The Muslims of the Nous Catalans Foundation/CDC asked to build a large mosque in Barcelona

The Union of Islamic Cultural Centers of Catalonia (UCCIC)-currently coordinates
some 70 mosques and oratories of Catalonia, and the NousCatalans Foundation/CDC have agreed, “to facilitate the granting of licenses to build a large mosque in Barcelona
to fight and isolate the fundamentalist movement that spread in small
oratories.” The agreements also provides for” improving the current situation of some
oratories to avoid situations of conflict. “Both entities have agreed to “the organization and representation of Muslims in Catalonia through democratic elections to enable the Muslim community to have valid and representative interlocutors, to promote the training of imams in Catalonia, a training that responds to the values of Cataluña, promoting dialogue and coexistence as tools for participation in Catalan society and building a
common future in Catalonia and to enable burial spaces according to Muslim ritual.”
They also agreed to “promote dialogue, visits and meetings with Catalan institutions, the
Halal certification procedure, the quality assurance process applied to food,
products and services according to Halal Standards and other pre-documents and work
for the creation in the near future of the Catalan Council of Muslim Faith grouped
by a democratically elected board and voted and representative of all
Muslims in Catalonia ”

Re-imagining European Identity Politics and the Social Integration of Muslims

In this timely work, Alexander Castilla deconstructs the myth of the so-called clash of Islam and democracy, and examines the forces involving the social integration and religious accommodation of Muslims in Catalonia, Spain during the aftermath of the September 11, 2001 terrorist attacks in the United States and the March 11, 2004 terrorist attacks in Spain. In adapting to the pressures of globalization and to their own religiously plural, yet increasingly secular society, the Catalans sought to strike a delicate balance between the accommodation and integration of Muslims, while building on Catalonia’s nation building project which focused on the historical continuity of Catalan language and culture.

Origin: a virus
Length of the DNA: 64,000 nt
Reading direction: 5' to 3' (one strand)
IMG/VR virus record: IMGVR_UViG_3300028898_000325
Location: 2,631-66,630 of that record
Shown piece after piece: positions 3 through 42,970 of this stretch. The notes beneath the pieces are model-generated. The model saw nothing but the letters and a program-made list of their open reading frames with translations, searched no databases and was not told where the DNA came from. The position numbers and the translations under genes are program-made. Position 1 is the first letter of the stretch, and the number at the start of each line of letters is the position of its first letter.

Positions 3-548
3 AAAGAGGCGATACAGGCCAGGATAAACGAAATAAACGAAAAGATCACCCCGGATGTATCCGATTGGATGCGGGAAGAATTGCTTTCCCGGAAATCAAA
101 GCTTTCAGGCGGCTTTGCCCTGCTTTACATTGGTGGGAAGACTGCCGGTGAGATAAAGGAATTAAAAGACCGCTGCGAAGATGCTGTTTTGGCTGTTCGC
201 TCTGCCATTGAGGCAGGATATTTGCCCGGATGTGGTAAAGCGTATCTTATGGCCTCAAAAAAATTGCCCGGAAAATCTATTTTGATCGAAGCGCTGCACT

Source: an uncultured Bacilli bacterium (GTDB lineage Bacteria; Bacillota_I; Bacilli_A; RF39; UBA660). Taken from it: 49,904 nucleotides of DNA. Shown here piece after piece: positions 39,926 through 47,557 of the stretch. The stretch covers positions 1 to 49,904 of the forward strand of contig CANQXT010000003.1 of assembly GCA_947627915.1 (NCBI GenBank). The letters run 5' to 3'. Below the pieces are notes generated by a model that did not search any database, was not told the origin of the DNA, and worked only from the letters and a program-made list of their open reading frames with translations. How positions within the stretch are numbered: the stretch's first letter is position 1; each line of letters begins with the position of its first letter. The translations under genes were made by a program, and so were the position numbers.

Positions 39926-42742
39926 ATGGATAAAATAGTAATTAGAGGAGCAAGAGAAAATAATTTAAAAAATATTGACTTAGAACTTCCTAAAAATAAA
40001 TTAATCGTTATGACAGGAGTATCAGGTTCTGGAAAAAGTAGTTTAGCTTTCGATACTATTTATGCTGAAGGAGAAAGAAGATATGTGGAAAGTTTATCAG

Re-imagining European Identity Politics and the Social Integration of Muslims defines how the claims of immigrant Muslims influence the ongoing construction of a Catalan national identity. It also explores the primary demands for religious accommodation which Muslims sought in the beginning of the 21st century and why it is necessary to separate political and religious powers. Looking at the role of Muslim religious leaders in the context of secular society is of particular significance because the contemporary issues surrounding the separation of politics and religion is far from being resolved not only in Catalonia, but also in greater Spain and in other European countries with significant Muslim communities such as the United Kingdom, Germany, Holland and France.

Re-imagining European Identity Politics and the Social Integration of Muslims represents the first comprehensive study in English about the social integration of Muslims living in Catalonia and combines an historical, socio-political and philosophical analysis about Islam and democracy and contributes to the literature on peace and security studies, as well as to studies of migration, citizenship and nationalism.

Published by VDM Verlag Dr. Müller, the book is now available on Amazon.com.

The reorganization of Muslim associations in Catalonia

The article is an overview of the system of representation for Muslim communities in Catalonia. The most important Muslim federation in Catalonia is the CICC (The Islamic and Cultural Council of Catalonia). The CICC was created in 2001 and currently is the principal Muslim liason with the Catalan government. There are other Islamic associations too, some of which are critical of the work being done by the CICC.

Recently the CICC has created a controversial travel agency which organizes annual pilgrimages to Mecca. Critics of the CICC see this agency as a private business and not a religious organization.

Currently there are two other Muslim federations; one is still in the project stages having broken off from the CICC and the other, the UCIC, is a part of UCIDE. The fragmentation of Muslim communities, combined with other factors, such as the influence of the Moroccan government makes it difficult to have only one federation as the privileged liason with the Catalan government.